The Scrum Alliance has announced a new CSP Process. That is, a new process for becoming a Certified Scrum Professional. See here.
This is mostly good. We recommend it.
And some discussion.
First, the main changes are:
(a) 3 years of experience (not well defined by S.A. – sorry)
(b) 60 SEUs (same as the PDU concept) (also not as well defined as I would like – again, sorry)
(c) no test
(Note: As you, and I and others ask questions, I think the Scrum Alliance will define these things more carefully. Please ask them questions.)
Second. I am not a big advocate of certifications. I am after far bigger results for you, for your Team, for your customers than that. Huge results.
And I have never been convinced that any certification can ‘prove’ that someone will get results. But, other things equal, more explicit and tacit knowledge is good. And more experience is usually good. And these Scrum Alliance courses that lead to certifications tend to provide good information. Information that can make you more effective.
So, what is our biggest impediment, in the Scrum community? Well, there are many things that one could point out, but this is what I think.
Too many people are doing Scrum or ‘scrum’ (as they define it), and getting results that are not as impressive as I would like. So, the frequency of ‘subpar’ results. (Subpar is still usually at least 20%, which is a great return on investment. But far less than we ought to be getting.)
I would like to see Teams regularly, almost universally, getting 100%, 200%, 500% and more improvement. And I think all of them can (compared to their own baseline). (Yes, there will always be a few dysfunctional teams. And people who should never be in a team.)
I think the 400%+ level of improvement is quite uncommon. I will guess in the neighborhood of 15-30%. Why?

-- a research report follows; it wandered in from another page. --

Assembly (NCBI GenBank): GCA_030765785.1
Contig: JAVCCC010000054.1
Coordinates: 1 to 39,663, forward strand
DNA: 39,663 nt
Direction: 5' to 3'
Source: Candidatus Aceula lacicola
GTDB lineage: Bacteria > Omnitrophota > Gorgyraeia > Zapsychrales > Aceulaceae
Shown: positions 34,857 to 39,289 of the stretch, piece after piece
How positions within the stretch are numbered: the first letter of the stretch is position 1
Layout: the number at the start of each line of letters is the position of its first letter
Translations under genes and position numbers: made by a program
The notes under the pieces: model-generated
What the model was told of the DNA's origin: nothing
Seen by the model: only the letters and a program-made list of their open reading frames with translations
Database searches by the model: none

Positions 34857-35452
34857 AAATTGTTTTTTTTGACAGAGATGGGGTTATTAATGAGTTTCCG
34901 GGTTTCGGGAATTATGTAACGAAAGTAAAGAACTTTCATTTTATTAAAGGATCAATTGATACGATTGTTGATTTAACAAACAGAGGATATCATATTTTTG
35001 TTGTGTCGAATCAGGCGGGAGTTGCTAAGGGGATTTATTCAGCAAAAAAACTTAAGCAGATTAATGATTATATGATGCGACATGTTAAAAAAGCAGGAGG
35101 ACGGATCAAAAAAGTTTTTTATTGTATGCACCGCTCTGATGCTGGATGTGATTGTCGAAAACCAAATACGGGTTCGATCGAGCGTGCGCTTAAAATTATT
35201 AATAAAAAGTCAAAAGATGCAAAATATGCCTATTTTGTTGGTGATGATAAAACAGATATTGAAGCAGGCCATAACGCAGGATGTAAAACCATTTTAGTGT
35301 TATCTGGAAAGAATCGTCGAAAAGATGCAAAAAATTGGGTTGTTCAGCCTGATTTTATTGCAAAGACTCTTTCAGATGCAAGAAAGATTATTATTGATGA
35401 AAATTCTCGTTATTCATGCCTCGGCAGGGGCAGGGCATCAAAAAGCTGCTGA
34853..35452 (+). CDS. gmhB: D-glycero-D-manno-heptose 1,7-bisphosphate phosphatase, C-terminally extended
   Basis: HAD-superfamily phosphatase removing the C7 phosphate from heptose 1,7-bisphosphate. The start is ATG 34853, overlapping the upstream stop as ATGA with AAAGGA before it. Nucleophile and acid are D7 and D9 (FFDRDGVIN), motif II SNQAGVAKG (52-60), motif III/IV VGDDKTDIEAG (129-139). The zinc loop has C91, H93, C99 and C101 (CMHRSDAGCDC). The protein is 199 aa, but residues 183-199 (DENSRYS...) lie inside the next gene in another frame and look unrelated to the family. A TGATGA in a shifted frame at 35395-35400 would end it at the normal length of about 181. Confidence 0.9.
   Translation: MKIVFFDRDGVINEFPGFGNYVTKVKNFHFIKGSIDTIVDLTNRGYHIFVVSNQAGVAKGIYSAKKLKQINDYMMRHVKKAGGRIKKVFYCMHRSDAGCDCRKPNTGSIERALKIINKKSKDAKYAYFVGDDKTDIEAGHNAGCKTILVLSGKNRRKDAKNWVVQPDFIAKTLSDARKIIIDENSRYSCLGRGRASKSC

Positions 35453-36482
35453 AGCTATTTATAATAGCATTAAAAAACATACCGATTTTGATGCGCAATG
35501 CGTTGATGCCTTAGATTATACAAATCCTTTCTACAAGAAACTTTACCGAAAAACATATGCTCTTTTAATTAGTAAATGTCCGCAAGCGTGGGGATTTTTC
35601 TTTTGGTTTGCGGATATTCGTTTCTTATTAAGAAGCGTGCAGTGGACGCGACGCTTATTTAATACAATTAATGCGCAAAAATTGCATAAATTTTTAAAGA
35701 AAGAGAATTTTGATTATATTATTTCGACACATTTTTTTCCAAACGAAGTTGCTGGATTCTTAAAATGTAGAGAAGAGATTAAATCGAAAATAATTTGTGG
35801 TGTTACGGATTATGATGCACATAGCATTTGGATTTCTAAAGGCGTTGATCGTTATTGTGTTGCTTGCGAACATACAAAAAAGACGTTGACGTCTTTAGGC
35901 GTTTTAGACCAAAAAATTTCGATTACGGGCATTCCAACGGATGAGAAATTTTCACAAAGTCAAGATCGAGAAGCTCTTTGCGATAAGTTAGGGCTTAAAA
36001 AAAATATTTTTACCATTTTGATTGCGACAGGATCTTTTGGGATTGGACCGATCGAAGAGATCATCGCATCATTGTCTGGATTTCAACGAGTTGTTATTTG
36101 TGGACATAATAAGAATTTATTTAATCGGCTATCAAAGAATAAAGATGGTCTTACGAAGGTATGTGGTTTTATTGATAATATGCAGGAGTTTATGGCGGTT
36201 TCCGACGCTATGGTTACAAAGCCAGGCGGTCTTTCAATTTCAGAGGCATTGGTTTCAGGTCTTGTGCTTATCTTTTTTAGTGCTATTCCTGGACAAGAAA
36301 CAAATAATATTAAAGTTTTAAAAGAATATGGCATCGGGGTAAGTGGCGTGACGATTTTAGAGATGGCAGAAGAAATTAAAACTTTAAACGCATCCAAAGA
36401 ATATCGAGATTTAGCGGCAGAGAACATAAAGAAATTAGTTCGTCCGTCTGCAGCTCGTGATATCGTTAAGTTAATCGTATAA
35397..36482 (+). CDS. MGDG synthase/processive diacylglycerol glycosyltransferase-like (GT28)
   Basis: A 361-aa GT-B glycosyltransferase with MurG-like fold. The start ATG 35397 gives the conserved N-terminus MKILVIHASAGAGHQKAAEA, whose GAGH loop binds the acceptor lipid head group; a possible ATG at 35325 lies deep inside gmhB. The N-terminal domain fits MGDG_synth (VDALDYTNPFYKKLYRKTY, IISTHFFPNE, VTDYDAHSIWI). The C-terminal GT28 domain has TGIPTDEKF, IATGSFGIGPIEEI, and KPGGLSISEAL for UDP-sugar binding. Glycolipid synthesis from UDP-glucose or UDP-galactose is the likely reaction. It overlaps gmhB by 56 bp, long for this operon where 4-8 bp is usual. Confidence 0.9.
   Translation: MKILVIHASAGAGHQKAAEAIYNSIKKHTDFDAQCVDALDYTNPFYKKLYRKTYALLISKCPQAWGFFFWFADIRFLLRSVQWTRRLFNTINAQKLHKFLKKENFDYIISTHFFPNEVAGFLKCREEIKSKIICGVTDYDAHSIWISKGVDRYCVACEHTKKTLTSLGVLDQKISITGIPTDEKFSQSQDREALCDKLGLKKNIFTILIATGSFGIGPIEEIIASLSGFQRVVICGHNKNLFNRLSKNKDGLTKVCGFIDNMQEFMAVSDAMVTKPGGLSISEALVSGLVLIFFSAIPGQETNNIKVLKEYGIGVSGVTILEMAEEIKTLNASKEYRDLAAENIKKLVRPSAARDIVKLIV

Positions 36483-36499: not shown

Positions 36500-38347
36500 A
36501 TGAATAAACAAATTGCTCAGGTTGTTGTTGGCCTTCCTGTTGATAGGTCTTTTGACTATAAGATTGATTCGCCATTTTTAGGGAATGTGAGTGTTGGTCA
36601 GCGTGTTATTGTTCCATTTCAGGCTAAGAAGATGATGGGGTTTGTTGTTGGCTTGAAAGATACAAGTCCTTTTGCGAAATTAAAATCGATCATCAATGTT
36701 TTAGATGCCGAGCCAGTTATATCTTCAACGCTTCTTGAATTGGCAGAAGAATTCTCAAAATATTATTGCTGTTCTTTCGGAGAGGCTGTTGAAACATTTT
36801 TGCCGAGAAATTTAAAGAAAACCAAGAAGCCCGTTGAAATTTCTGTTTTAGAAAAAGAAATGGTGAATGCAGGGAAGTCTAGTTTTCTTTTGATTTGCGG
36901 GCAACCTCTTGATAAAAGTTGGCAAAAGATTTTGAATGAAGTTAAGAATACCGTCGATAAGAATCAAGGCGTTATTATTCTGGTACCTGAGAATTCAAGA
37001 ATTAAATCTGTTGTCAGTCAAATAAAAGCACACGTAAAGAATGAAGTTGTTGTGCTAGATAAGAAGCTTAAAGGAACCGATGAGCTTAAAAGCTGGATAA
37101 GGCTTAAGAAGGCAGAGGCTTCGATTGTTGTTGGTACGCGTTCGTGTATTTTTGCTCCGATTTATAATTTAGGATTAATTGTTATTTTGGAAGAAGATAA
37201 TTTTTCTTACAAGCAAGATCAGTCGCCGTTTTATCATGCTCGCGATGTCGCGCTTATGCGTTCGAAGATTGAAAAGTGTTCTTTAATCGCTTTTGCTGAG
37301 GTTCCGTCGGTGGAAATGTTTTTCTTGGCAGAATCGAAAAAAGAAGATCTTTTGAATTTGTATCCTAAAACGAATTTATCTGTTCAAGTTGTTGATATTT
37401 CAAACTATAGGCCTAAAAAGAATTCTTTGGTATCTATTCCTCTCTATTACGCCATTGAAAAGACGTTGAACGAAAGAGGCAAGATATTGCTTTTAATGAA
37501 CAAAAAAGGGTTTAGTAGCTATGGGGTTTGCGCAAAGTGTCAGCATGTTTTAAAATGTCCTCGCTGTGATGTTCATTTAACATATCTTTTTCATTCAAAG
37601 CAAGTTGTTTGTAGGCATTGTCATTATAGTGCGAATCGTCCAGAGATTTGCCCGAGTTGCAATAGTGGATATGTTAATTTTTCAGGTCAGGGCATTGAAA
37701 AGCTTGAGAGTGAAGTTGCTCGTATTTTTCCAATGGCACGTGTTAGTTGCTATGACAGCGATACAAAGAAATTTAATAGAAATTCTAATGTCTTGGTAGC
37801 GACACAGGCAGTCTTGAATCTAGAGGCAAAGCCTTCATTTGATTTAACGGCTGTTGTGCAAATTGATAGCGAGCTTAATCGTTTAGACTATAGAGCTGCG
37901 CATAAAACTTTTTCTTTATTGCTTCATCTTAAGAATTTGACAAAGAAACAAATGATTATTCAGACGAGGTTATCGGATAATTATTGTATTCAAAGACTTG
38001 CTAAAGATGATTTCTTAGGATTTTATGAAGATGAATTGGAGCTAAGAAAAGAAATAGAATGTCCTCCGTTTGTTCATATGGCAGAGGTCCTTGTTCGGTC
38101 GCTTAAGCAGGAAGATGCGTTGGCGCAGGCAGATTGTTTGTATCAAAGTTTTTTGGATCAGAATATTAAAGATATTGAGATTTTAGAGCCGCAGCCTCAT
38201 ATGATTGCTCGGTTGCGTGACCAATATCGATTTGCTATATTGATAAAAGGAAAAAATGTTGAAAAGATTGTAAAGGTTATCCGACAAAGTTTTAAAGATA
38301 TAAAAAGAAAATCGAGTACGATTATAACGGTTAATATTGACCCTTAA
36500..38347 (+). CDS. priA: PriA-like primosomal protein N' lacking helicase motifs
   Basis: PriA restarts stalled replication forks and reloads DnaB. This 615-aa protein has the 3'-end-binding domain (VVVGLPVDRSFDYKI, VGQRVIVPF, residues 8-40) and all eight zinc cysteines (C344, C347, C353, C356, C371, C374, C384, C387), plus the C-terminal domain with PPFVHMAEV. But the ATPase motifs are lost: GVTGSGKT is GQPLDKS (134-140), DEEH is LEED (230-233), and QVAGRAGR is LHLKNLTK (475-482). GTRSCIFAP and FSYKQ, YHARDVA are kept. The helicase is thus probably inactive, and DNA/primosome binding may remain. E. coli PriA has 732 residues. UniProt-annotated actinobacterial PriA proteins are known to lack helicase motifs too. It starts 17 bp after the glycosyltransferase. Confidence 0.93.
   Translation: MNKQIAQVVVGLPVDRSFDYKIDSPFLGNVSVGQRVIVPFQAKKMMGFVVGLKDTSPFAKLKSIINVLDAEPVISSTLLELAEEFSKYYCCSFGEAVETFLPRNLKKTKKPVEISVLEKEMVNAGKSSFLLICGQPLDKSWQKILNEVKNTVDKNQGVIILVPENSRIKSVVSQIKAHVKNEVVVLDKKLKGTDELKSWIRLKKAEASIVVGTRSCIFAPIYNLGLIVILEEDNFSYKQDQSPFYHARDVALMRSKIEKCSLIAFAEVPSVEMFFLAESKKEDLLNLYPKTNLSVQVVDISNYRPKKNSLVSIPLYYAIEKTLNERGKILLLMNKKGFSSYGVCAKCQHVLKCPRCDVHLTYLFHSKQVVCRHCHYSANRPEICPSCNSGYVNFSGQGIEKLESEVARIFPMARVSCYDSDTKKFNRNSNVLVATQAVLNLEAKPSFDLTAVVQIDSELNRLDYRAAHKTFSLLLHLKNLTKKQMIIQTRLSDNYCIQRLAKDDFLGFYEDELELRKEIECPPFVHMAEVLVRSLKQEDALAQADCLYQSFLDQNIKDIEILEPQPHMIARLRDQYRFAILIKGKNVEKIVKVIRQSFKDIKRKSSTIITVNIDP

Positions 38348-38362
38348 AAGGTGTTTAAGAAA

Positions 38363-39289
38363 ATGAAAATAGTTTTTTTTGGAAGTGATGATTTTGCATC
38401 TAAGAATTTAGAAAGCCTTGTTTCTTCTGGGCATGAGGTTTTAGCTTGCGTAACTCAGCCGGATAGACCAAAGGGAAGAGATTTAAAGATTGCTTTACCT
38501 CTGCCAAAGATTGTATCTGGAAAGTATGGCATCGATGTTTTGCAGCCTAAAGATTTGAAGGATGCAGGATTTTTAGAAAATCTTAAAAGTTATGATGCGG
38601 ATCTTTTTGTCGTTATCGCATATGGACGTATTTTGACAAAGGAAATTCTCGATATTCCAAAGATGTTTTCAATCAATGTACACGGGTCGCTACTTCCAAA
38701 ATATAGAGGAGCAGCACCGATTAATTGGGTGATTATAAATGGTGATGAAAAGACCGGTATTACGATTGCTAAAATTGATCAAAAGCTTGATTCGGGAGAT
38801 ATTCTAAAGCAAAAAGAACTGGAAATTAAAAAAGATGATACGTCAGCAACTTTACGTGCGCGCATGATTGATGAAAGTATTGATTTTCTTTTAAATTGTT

- the firm’s culture
- lack of aggressiveness in removing impediments
- too many doing ‘scrum’ or Scrum-Butt
- a forgetting of what Scrum is
- many other factors
I think the CSP approach can help with this. The PDU approach is only one method to address this problem. (And, given human nature and life, we will never get 100% of the people getting 400%+ with Scrum.) But I do think the PDU approach can help.
- Because people need to get fired up again
- Because people forgot the first Scrum course (research shows that people forget over 80% very quickly; it is just how the brain works)
- The core concepts of Scrum are quite foreign, or at least counter, to what most of your work environment is telling you. So, while you may absorb some basics at first, you cannot absorb the fine points. The real art of it.
- Scrum starts to ‘wash off’ (if you get the metaphor)
So, the PDUs do two things.
- They remind and enrich your brain, your muscle memory, on what Scrum really is
- They give you extra things to add to Scrum (adding things is essential to successfully using Scrum)
To me, whether you get a CSP is not very important. But, if you are using Scrum, you must continue to learn to get better. And you must endeavor to take it (Scrum, innovation, productivity, fun) to the next level with your Team.